Whatever People Say I Am... is full of danceable thrash, a polished punk/new wave sound with slick vocal production (but a hell of an accent). Running through the songs is a Morissey/Smiths' style crossed with Adam Ant (and a dusting of Duran Duran). The vocals and melodies evoke the Morissey vibe, but the Adam Ant thing is all coming from the heavy drum and bass sound coupled with shards of guitar accents. Thematically, these are observational songs about the club scene and low life in Sheffield England. Taken as a whole, this disk is full of self-similar songs that form a continuity, but it stays sufficiently interesting that I keep coming back to it. One thing that makes it work is that the songs often have multiple sections that change up the music rhythmically and dynamically. Additionally, the chord changes aren't relying on a standard rock progression. They also throw in small elements of ska and other styles to break things up a bit.
The smash single was I Bet You Look Good on the Dancefloor, which starts out with a chunky guitar sound like the Clash, but quickly drives into a reworking of Middle of the Road by the Pretenders. Arctic Monkeys share a love of '60s style like the Kinks with Chrissie Hynde, which explains the sound. The club song drives hard with catchy lyrics and foot tapping rhythm:
I bet that you look good on the dancefloorLots of pop culture references from Romeo and Juliet to Duran Duran. The vocal delivery is a little detached with an undercurrent of desperation. Pure ear candy.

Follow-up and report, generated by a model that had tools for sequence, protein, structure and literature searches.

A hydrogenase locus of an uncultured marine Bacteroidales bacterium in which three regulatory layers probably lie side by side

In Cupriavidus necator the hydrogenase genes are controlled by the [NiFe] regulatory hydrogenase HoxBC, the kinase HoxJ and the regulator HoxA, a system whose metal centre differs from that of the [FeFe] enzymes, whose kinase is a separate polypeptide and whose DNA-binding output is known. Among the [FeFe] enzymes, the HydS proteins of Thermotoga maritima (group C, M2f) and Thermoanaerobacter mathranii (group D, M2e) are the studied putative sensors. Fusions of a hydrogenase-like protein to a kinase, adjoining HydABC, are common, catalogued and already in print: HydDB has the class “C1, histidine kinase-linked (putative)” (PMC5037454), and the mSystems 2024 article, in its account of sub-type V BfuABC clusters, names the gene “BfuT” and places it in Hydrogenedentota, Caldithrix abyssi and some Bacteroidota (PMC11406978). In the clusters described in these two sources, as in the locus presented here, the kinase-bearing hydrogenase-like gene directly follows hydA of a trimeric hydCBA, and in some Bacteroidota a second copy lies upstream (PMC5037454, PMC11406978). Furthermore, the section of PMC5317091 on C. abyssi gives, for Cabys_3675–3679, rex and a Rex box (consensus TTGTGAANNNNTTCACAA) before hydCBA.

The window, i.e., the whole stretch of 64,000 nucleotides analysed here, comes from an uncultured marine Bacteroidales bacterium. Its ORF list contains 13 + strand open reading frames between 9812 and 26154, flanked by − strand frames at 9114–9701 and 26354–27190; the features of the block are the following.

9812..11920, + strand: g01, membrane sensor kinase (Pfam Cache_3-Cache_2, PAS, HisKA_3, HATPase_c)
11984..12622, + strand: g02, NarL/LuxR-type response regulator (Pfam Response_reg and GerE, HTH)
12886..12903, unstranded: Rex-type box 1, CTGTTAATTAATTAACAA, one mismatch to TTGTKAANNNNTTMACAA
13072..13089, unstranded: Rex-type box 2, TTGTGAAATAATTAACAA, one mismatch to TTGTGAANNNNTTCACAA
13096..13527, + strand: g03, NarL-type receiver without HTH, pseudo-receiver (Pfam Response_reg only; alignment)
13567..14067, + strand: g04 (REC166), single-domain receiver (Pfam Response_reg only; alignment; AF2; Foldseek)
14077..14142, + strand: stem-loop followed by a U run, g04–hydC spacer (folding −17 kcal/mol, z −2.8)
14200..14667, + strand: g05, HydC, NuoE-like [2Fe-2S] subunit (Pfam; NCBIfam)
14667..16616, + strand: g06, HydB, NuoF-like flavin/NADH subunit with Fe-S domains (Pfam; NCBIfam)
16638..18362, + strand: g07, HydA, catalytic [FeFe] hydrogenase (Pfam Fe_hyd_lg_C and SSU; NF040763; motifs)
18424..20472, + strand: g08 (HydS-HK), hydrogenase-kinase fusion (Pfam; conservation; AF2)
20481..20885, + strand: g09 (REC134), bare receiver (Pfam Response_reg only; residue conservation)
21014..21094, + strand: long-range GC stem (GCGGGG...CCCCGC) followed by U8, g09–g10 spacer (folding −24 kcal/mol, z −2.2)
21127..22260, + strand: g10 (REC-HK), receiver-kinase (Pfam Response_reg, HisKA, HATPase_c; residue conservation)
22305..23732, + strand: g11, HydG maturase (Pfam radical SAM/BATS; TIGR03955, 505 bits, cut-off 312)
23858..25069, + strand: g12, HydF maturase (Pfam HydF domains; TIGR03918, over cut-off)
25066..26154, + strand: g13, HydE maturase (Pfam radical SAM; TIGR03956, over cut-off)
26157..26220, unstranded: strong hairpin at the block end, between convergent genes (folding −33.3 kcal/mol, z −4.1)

I don't know if you're looking for romance or
I don't know what you're looking for
Riot Van hits the other side of Arctic Monkeys. It's a slower, thoughtful observational song. The lyrics have the ring of personal experience in hassling the police for sport. Jaded lyrics and a tired delivery suggests Morissey. It's a mellow, spare arrangement that ends unexpectedly. This feel is echoed again later in the start of When the Sun Goes Down, which runs down a street life with prostitutes and Johns with the same world weary mood.
Adam Ant comes through in songs like Dancing Shoes, Red Light Indicates Doors Are Secured, and A Certain Romance. The throbbing bass and drums and muted guitar strums sound like Adam Ant's Stand and Deliver. Of these, A Certain Romance stands out because of the juxtaposition of stylistic bits: the club beat at the start, the thrashy follow through that breaks into a music box guitar riff, and the cool ska sound of the verses melding into the straight beat of the chorus. All with evocative lyrics that flesh out the whole club scene they were immersed in.
Slam a pint or two of lager and prepare to hit the clubs. When you get home, Whatever People Say I Am... will be the soundtrack for your memory of the evening.